Two area nonprofits, a regional youth sports operation and a former National Football League MVP have expressed interest in taking over all or part of the operations of the Fireman’s Field sports complex from the Town of Purcellville.
The Town Council solicited proposals of interest in March, as part of its efforts to generate more revenue from town-owned properties. The 13-acres complex, which includes the Bush Tabernacle, a baseball stadium, the Haske Field youth ball diamond and the Dillon Woods picnic area, was acquired by the town in 2008. The town charges a 3.5-cent real estate surtax to pay for the purchase, with about $2 million in principal outstanding.
Town leaders said the responses confirmed there is an opportunity to turn operations over to a third party. The next step will be the issuance of a formal request for proposals, expected to go out this summer. The Town Council will discuss the options in more detail at its meeting Tuesday night.
Responding to the initial request of interest were:
Play to Win. Led by President Chris R. Bourassa, PTW operates the Evergreen Sportsplex outdoor sports and entertainment facility near Leesburg, the Fairfax Athletic Center in Annandale, and the Prince William Athletic Center in Woodbridge. It proposed a revenue sharing contract with the town. PTW would manage the operations of the entire complex, including event planning and sponsorship creations.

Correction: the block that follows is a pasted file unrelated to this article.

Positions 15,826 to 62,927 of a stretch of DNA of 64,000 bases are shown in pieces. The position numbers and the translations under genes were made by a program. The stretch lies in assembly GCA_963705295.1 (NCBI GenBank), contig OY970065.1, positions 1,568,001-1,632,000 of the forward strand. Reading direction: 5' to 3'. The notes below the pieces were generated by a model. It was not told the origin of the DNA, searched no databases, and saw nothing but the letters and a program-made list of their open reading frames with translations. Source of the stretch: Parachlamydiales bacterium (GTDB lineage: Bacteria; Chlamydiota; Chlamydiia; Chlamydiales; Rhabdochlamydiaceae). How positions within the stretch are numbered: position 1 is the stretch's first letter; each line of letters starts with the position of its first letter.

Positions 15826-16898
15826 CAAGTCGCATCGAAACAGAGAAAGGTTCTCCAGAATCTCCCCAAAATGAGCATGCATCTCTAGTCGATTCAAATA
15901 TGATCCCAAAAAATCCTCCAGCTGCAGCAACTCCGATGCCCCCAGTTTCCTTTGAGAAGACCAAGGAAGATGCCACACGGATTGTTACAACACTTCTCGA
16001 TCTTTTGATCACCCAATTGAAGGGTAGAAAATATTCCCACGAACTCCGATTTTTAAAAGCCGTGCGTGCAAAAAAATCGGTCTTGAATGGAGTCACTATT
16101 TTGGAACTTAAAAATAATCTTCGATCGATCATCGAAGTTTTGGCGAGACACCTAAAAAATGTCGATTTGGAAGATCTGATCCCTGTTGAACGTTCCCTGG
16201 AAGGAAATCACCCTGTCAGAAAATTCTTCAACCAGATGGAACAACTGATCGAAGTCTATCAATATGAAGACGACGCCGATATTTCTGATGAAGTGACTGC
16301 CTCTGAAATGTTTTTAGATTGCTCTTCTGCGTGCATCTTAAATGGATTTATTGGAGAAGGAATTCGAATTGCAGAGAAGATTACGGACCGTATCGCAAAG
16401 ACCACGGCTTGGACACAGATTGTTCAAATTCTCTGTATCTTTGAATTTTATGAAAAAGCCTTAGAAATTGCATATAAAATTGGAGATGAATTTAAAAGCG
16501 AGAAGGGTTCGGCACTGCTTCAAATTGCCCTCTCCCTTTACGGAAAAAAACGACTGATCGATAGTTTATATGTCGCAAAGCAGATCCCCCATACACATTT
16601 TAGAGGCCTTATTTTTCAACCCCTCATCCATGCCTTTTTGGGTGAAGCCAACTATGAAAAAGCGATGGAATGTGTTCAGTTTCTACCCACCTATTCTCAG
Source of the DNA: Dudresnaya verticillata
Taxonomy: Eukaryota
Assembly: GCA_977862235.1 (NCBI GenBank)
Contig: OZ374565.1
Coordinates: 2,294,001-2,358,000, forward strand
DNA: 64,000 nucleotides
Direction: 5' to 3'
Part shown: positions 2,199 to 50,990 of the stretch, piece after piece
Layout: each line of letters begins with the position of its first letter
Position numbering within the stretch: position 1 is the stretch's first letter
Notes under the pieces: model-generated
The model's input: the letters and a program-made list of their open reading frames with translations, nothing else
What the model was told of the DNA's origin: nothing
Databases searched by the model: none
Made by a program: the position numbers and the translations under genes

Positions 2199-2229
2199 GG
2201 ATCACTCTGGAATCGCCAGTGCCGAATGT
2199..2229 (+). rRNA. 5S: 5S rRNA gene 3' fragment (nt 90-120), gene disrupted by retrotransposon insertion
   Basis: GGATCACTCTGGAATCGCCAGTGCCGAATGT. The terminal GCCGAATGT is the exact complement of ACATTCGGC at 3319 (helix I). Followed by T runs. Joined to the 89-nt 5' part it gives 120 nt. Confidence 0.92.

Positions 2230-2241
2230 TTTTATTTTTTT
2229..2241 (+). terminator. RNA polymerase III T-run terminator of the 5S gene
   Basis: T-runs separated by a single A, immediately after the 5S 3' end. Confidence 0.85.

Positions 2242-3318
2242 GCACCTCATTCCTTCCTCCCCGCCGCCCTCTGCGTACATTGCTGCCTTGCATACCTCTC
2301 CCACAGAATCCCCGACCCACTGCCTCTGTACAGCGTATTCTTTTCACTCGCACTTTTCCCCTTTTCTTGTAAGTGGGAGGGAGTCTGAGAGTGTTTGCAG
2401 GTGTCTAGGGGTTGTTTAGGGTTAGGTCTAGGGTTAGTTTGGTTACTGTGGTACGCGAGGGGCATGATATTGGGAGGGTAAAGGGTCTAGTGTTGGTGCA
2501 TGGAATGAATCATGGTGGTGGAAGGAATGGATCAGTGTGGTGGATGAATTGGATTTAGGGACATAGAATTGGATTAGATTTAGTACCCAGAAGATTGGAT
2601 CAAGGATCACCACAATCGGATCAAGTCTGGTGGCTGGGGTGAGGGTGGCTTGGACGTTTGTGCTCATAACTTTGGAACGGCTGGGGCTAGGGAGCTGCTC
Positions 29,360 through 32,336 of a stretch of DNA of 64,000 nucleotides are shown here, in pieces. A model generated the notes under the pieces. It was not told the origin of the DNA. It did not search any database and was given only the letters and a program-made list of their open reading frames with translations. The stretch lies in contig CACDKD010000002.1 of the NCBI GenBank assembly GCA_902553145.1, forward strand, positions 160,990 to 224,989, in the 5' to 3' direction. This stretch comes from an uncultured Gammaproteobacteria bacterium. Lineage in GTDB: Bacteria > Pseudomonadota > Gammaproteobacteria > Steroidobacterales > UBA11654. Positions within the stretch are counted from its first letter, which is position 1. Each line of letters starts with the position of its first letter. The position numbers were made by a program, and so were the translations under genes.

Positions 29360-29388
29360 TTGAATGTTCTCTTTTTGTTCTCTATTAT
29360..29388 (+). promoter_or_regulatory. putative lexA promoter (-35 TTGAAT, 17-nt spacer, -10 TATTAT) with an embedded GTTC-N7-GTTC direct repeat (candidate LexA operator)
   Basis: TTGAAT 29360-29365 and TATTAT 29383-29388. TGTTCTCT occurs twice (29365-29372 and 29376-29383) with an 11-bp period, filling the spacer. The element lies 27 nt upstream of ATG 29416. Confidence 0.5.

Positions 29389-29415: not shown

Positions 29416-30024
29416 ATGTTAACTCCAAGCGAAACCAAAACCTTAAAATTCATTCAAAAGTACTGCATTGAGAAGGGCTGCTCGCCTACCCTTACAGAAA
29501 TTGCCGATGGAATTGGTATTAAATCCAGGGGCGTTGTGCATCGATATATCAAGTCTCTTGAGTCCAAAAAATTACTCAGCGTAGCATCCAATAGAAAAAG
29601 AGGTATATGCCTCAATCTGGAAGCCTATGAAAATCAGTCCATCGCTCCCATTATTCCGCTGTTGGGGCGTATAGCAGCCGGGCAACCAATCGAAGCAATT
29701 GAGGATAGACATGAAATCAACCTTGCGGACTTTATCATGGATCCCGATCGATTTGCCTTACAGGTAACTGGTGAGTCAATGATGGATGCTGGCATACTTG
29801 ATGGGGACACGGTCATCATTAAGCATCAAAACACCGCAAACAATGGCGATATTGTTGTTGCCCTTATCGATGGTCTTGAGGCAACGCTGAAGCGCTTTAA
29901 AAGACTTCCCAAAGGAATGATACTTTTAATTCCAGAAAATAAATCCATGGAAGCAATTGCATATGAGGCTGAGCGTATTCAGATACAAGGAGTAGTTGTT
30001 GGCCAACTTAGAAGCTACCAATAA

Purcellville Teen Center Inc. The nonprofit currently manages the Bush Tabernacle and proposes to continue in that role. It does not want to manage operations outside of that building, but would continue supporting the town’s Signature Events at Fireman’s Field, including the Music and Arts Festival, Wine and Food Festival, and the Loudoun Grown Expo.
Lifeview Real Estate LLC. The Purcellville-based company is owned by Shaun Alexander, the former Seattle Seahawks and Washington Redskins running back who moved to town two years ago with his wife and nine children. Lifeview would operate and manage the entire Fireman’s Field complex under a $5,000 monthly lease with the company paying all cost associated with operation and maintenance of the complex or the town paying the company $225,000 annually to run the complex and taking 50 percent of the operational profits. With an expanded events schedule and increased sponsorships, Lifeview projects gross annual revenues of more than $860,000.
ECHO. The Loudoun nonprofit, which provides jobs to disabled residents, has proposed teaming up with the town or a selected vendor—preliminary talks have taken place with Play To Win—to take over the maintenance and upkeep of the complex, including set up and break down, ticketing, concessions, etc. for events.